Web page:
Turns out it's pretty common to feel a little bit bored with it all right now - there is nothing really to report and it seems like a long long time before it's time to take a pregnancy test.  Because I'm on progesterone and estradiol, I don't even bother to try to interpret anything I feel as anything other than side effects from those hormones.   My sleep is very interrupted again, like it was when I was on the Lupron.  Last night I had a dream that was all about my newborn baby boy peeing all over me and all over everything and I couldn't stop it and I didn't have any of the supplies you need for a baby and I was confused as to why I suddenly had a baby and I couldn't stop the peeing and get what I needed.  Sort of classic anxiety dream format, but with a baby instead of a test for a class I forgot I was enrolled in or whatever.

Right now I am pregnant until proven otherwise (PUPO).  Today my embryos might be beginning to implant.  Did I just feel it happening?   I am turning more and more into a hippie during this two week wait.  Surrounding myself with love and light and laughter and happiness and music, all with thoughts of these embryos and how much love I have ready for them if they just decide to stick around (as if they are just in there thinking about it - making a decision that I can influence by convincing them that this is the exact world they want to enter).  Thinking positive thoughts.  Lighting candles.  Feeling clean and pure and wholesome and good.  I have no control over this part of the process, and I don't know what else I can do.  I just want to protect them as best I can and give them the best chance.  It's probably crazy, I know.  But it makes me feel better.

Sunday, October 7, 2012

Vagina Glue + Sticky Embryos

In case the title of this blog post isn't enough warning,  I will tell you right now that this post qualifies as #oversharon.  It's a little TMI if you find this sort of thing to be more information than you desire.  I will tell you when TMI starts and ends, at least.

So, at this point in the cycle, progesterone is very important.  It helps make the uterine lining thick and delightful, so the embryos will want to stick.  On the fertility boards everyone talks about hoping that things are "sticky" which means that the embryos actually implant which = pregnancy.  People send "sticky thoughts" and "sticky vibes" etc.  So, the progesterone helps make things sticky.  That's its job.  There are, as I've mentioned before, two main ways to take progesterone.  One is PIO (Progesterone in Oil) that is injected into the top and side of the butt with a large needle on a daily basis.  The other is in a gel that is inserted vaginally.  That's the goop I went for.  And I do mean goop.  I've started just calling it my vagina glue, because in addition to its job being to keep things "sticky" it does so by actually sticking to the walls of the vagina so the progesterone can be absorbed that way.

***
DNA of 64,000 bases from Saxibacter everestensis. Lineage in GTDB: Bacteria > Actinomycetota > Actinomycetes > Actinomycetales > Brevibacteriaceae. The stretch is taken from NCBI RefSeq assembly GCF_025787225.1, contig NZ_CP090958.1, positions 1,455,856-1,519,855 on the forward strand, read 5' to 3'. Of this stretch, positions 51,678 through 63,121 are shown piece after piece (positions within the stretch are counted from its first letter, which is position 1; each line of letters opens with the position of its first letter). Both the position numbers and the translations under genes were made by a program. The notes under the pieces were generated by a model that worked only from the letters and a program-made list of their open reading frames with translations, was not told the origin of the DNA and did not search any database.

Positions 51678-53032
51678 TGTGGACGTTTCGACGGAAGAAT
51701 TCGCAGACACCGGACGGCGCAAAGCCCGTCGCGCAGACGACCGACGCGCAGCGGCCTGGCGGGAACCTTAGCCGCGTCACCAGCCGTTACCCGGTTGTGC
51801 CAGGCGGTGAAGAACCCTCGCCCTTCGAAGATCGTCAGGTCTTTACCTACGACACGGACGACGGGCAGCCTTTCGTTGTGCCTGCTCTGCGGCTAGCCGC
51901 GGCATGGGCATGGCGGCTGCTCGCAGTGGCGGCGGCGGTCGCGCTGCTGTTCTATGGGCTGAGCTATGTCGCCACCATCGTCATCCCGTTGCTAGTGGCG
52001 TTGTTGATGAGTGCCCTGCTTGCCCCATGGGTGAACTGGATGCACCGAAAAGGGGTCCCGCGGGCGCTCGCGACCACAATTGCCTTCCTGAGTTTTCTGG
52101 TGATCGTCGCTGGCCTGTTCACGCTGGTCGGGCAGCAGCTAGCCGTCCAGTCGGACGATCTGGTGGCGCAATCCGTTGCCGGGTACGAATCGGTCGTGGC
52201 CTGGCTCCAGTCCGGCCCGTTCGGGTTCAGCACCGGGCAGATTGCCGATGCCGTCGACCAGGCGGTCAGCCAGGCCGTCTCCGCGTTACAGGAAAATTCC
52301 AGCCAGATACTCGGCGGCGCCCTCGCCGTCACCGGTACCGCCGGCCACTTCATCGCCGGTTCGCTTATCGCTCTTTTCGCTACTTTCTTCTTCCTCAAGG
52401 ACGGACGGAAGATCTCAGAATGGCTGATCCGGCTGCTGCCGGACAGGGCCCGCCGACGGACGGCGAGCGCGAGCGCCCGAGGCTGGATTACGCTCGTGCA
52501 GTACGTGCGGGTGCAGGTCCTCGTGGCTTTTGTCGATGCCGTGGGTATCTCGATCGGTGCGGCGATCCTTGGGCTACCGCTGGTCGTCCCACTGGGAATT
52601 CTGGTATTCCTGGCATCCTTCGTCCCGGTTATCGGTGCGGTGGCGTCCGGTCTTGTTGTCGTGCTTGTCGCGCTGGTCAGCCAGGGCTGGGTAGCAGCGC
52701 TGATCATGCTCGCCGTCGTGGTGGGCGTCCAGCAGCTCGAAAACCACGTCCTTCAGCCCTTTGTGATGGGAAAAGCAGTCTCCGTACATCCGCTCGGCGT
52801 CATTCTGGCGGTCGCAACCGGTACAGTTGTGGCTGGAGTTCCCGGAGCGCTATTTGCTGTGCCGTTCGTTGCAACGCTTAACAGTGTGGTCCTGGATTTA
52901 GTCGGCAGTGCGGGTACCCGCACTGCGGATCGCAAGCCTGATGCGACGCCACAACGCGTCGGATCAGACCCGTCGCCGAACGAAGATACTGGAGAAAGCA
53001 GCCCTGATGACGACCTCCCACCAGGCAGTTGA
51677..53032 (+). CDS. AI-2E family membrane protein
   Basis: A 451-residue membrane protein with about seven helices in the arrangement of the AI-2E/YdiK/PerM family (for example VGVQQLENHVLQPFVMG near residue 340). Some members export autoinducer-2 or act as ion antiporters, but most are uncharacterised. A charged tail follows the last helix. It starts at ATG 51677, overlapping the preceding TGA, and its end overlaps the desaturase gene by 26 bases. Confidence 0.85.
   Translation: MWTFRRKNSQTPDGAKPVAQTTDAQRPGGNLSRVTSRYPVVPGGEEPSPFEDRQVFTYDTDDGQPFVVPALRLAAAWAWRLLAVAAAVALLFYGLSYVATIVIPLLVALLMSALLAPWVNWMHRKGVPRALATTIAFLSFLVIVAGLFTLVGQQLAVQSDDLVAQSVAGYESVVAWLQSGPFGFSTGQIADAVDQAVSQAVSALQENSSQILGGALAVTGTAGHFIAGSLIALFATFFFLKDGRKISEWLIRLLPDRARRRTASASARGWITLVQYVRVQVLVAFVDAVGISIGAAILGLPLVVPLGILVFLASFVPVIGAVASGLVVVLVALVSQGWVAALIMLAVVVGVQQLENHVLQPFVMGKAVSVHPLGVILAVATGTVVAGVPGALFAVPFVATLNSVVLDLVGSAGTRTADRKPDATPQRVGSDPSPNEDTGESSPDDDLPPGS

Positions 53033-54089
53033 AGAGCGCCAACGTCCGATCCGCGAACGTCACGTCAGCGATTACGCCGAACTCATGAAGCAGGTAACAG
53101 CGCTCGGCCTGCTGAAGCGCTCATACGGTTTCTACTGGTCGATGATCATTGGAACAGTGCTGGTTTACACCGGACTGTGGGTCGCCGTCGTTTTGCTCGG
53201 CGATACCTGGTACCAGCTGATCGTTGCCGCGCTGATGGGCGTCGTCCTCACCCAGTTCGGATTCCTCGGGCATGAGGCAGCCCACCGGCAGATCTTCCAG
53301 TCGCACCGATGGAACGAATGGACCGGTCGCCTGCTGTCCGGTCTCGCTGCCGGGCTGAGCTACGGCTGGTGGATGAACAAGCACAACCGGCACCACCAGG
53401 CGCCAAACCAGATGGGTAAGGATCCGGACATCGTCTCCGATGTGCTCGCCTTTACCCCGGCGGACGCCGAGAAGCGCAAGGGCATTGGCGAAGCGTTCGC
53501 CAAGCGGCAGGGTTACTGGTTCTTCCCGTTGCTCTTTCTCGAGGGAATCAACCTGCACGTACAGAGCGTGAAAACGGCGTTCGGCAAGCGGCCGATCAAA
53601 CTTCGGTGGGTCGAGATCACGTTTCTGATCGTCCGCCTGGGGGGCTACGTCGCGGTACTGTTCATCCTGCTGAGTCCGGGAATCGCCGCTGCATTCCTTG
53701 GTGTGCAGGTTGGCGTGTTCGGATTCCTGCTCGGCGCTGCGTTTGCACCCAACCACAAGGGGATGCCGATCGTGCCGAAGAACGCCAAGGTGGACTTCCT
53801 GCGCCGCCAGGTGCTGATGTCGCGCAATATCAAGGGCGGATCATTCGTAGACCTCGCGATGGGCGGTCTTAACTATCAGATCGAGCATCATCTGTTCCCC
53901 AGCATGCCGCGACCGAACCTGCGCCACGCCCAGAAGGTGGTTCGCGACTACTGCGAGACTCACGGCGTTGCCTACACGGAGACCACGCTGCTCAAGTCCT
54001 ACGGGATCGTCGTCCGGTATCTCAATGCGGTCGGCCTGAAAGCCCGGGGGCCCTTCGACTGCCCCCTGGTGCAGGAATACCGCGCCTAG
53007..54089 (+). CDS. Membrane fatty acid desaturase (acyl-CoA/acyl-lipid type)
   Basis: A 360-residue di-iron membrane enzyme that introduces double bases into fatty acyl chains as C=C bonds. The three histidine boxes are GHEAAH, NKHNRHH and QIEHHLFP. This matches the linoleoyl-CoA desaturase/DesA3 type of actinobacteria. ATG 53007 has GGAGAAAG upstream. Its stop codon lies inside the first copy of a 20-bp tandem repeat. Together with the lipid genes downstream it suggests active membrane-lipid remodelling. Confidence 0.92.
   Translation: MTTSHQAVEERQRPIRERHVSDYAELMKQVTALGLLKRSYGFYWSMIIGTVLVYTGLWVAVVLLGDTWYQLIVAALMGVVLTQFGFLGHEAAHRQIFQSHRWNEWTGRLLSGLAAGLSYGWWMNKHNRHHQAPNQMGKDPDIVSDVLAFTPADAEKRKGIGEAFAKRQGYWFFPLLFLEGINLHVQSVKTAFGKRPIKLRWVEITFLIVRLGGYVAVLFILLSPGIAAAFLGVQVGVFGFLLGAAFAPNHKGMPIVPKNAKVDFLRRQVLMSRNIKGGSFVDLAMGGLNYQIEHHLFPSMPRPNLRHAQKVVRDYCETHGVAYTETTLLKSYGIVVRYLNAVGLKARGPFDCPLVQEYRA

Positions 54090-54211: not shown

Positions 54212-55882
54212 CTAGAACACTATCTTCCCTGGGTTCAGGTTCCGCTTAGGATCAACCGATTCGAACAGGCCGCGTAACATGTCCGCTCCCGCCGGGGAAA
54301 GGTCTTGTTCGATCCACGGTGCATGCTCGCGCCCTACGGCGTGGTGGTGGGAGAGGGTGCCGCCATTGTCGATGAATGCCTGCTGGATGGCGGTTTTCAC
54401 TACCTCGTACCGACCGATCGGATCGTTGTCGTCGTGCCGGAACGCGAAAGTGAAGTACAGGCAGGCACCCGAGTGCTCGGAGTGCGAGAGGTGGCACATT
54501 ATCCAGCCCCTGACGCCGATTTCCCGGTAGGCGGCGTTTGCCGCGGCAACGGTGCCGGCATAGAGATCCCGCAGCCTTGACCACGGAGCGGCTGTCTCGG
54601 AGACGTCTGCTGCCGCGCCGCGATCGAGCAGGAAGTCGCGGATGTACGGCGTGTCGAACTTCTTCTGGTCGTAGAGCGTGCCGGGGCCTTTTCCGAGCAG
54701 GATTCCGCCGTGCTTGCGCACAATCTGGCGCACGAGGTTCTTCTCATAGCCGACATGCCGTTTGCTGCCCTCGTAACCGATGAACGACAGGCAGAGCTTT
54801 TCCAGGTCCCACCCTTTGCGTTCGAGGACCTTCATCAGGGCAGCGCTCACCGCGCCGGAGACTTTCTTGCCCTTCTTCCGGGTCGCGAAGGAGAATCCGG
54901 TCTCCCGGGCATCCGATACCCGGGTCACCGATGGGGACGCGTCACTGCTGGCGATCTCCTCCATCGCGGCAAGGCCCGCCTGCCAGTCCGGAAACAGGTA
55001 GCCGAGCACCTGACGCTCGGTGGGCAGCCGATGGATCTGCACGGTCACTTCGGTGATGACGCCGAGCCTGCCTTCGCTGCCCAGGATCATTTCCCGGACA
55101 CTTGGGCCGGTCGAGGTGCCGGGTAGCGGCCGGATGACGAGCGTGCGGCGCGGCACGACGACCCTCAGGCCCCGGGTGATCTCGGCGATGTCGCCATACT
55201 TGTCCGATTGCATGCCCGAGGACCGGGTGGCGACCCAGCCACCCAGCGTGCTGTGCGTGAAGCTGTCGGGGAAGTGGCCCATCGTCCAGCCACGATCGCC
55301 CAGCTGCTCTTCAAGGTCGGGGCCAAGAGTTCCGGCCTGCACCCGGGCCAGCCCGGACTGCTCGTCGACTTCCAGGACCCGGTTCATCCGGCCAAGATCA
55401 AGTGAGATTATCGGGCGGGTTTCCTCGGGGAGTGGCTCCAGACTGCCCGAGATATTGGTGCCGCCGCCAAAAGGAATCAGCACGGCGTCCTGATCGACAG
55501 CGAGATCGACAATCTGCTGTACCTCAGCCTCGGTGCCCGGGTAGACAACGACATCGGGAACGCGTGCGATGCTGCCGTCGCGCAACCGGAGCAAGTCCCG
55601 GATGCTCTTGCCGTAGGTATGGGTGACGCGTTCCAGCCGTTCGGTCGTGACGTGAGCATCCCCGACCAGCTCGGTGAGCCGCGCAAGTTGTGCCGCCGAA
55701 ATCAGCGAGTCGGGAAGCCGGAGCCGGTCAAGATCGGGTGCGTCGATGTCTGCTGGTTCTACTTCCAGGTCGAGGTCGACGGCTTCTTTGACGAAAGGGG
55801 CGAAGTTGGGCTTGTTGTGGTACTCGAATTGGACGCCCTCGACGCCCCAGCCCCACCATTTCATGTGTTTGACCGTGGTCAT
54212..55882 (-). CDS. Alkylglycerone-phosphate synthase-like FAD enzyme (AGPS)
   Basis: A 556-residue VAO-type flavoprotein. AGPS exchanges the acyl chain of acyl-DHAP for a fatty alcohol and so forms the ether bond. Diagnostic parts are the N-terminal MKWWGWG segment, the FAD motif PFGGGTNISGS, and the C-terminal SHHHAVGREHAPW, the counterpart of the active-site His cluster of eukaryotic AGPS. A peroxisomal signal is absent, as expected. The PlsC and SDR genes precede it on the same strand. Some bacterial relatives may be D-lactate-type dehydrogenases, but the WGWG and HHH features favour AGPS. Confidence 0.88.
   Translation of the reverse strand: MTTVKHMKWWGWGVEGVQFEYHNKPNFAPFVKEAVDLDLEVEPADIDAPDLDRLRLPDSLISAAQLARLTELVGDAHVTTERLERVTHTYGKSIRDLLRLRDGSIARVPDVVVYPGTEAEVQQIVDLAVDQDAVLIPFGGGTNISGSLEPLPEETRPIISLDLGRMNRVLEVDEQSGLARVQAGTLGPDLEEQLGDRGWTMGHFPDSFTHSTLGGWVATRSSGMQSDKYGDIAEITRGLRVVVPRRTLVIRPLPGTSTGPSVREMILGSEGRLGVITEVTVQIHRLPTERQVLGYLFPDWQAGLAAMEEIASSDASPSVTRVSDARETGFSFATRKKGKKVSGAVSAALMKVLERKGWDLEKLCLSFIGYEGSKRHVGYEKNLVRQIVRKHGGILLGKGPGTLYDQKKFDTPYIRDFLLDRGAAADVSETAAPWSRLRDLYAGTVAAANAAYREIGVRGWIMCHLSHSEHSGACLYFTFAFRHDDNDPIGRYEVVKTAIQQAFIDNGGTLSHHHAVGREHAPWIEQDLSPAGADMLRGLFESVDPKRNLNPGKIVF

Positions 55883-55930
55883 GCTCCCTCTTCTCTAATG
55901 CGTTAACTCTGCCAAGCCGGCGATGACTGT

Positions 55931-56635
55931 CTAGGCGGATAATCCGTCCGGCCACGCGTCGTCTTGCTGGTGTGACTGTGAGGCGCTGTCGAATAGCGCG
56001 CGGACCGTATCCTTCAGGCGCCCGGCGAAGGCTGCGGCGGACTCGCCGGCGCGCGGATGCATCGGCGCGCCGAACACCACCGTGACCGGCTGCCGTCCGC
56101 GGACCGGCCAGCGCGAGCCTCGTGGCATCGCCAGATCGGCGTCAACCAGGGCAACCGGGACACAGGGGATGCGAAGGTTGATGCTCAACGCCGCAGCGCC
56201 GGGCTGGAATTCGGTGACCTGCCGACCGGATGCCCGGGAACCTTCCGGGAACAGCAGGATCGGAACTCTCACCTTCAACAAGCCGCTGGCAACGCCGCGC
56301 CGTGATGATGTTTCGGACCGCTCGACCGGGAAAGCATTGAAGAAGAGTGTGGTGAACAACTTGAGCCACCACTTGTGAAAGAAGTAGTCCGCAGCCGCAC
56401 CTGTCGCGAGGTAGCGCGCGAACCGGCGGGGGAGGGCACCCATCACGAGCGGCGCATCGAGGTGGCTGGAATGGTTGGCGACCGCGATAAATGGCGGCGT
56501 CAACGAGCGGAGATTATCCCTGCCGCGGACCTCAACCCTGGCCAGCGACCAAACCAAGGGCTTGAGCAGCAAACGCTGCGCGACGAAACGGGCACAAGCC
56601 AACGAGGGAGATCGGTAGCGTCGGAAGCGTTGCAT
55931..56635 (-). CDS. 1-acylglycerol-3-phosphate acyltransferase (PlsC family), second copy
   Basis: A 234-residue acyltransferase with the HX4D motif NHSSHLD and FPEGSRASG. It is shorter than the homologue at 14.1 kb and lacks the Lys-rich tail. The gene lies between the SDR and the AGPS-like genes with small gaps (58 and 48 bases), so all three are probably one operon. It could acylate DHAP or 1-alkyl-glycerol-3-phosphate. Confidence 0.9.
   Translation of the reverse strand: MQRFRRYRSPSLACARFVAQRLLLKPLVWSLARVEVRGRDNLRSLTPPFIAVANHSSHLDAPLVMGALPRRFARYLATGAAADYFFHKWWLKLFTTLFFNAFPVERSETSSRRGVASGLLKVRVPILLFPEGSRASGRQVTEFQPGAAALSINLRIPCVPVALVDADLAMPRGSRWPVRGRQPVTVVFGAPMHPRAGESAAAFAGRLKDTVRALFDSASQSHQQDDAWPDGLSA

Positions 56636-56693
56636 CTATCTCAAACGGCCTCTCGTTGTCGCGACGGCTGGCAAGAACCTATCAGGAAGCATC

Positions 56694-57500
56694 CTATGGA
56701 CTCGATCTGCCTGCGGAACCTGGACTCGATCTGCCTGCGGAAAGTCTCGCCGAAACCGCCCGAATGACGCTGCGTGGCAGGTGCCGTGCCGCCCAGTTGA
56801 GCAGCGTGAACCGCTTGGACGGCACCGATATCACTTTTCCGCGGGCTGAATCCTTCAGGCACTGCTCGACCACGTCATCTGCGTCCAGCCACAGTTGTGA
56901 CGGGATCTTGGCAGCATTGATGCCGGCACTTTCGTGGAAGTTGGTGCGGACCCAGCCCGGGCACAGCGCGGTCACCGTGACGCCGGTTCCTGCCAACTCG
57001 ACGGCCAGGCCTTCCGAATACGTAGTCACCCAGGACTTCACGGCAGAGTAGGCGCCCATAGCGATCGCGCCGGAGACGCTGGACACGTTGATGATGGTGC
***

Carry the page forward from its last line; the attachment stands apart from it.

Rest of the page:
Skip this if you gross out easily:
But, here's what they don't tell you before you decide on the goop.  It basically stays up there and turns into these weird balls of sort of a cross between a cotton ball and cottage cheese and it just kinds of builds up until you reach in and get it out.  Which I've just taken to doing each morning in the shower - it requires a pretty deep dig and full finger sweep.  Fertility treatments are not for those uncomfortable with their bodies, that's for sure.  It's amazing to see what comes out each day - texture/color/amount.
/gross out

Anywho.  I found myself curious, pretty quickly (I'm sure you're not shocked), to figure out what my two little embryos were doing in there.  The Internet gave me this handy dandy chart for what's going on with embryos based on number of days post a 3-day transfer (which is what I had).  They also have a chart for 5-day transfers, so you can click off to check that out.  Hey, wanna learn some more lingo?  Ok!  Today I am 2dp3dt (two days past three day transfer).

Days Past
Transfer (DPT)
 Embryo Development
 OneThe embryo continues to grow and develop, turning from a 6-8 cell embryo into a morula
 TwoThe cells of the morula continue to divide, developing into a blastocyst
 ThreeThe blastocyst begins to hatch out of its shell 
 FourThe blastocyst continues to hatch out of its shell and begins to attach itself to the uterus
 FiveThe blastocyst attaches deeper into the uterine lining, beginning implantation 
 SixImplantation continues
 SevenImplantation is complete, cells that will eventually become the placenta and fetus have begun to develop 
 EightHuman chorionic gonadotropin (hCG) starts to enter the blood stream 
 NineFetal development continues and hCG continues to be secreted 
 TenFetal development continues and hCG continues to be secreted  
 ElevenLevels of hCG are now high enough to detect a pregnancy